> Another solution (one I very often use): go buy yourself an > AKG K-501 headphones -- you should find one of those for around > 100 US$, and the sound is amazingly good, I find. They do have > good frequency response; then, find a pink noise source (worst > case, generate it by software and burn/record it to a CD), and > use your Eq. to pass one band at a time, and compare (by ear) > how much louder does it sound in the speakers with respect to > the headphones. Write down all the results, and then adjust > at the end. > > Another solution could be to generate filtered pink noise (each > individual band), and then, as you play each band, you can attempt > adjustment to make the speakers sound exactly as loud as the > headphones. > > The advantage of this is that you end up owning a headphone > set that sounds quite amazing -- and you want that anyway, so > no-one loses :-) > > HTH, > > Carlos
hehe, yeah but i'd prefer to calibrate it the way i'm trying, not only i'll have a way to calibrate it an almost-automated way, but it's also a good occasion to use my knowledge in DSP and my tools in a usefull way.
John E. Hadstate wrote:
> "Michel Rouzic" <Michel0528@yahoo.fr> wrote in message > news:1135736442.333435.304670@o13g2000cwo.googlegroups.com... > > > > Positioning the speakers can have a great effect on the > perceived frequency response. For example, if you put the > speakers in a corner or close to the floor, you will > perceive an inordinate bass boost. > > Try using one speaker as a speaker and the other as a > microphone. If the two speakers are nearly identical, the > frequency response of either one will be approximately the > square-root of the response of the pair. If you have more > than two speakers, choose the two that are nearly identical, > characterize their response, and then use one of them to > characterize the response of the rest. > > If you throw a cheap microphone into the mix, how will you > account for the frequency response and non-linearity of the > microphone when you are trying to measure the response of > your speakers?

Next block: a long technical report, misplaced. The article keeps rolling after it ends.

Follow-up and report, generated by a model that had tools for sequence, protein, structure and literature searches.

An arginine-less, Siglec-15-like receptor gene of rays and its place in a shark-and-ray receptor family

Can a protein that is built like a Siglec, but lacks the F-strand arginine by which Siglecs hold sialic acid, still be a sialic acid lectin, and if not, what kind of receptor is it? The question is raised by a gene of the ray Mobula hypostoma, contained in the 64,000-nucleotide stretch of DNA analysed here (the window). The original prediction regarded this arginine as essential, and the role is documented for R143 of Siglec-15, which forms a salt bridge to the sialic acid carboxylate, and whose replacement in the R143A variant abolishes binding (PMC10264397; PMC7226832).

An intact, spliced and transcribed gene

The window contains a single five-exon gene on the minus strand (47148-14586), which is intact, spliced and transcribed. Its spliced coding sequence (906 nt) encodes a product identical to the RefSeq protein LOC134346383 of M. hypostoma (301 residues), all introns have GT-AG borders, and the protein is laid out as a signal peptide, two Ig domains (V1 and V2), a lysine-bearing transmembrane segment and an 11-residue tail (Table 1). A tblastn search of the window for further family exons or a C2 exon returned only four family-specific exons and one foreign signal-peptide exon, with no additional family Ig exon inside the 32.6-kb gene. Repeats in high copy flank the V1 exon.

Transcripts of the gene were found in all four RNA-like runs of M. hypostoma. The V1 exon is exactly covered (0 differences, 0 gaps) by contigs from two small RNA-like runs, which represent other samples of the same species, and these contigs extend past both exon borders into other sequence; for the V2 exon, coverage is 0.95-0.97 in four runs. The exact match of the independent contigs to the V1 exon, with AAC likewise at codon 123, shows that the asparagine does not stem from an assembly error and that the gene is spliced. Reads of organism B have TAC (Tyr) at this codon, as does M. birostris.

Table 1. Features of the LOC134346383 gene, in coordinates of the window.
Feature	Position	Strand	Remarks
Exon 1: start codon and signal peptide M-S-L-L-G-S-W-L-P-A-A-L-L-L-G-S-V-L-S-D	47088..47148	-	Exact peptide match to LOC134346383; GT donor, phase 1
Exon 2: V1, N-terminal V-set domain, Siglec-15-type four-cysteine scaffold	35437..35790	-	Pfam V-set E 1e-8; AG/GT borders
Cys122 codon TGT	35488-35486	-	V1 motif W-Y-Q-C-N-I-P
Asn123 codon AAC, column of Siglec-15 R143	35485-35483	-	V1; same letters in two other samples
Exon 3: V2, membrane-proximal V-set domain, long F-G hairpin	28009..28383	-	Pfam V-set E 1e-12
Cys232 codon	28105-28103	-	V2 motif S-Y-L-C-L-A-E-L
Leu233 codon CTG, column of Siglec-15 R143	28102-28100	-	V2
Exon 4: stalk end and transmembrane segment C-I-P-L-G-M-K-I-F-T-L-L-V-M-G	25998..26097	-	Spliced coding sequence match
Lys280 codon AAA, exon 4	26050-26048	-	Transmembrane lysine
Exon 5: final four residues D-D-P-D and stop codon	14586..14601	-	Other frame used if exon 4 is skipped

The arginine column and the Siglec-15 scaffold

never mind for the microphone thing. i found a 2.0 set of speakers laying there, and I played a frequency sweep through one and recorded it with the other to find out their frequency response. they have a decent response between 35 Hz and 22,050 Hz, so it will be fine
Michel Rouzic wrote:
> I just got a new set of 2.1 speaker [snip]
and elsewhere in thread reference made to "2.0 speaker". What is 2.0|2.1 speaker? PS. Only dumb question is the the one you don't ask.
Richard Owlett wrote:
> Michel Rouzic wrote: > > I just got a new set of 2.1 speaker [snip] > > and elsewhere in thread reference made to "2.0 speaker". > > What is 2.0|2.1 speaker? > > PS. Only dumb question is the the one you don't ask.
It's not a dumb question :-). 2.0/2.1/4.1/5.1 means the number of satelitte speakers and of bass speakers. Thus, a 2.1 system has two satellite speakers, mostly dedicated to medium and high frequency and a bass speaker, as a 2.0 system has two speakers which are usually able of inputting any sound in the audible range.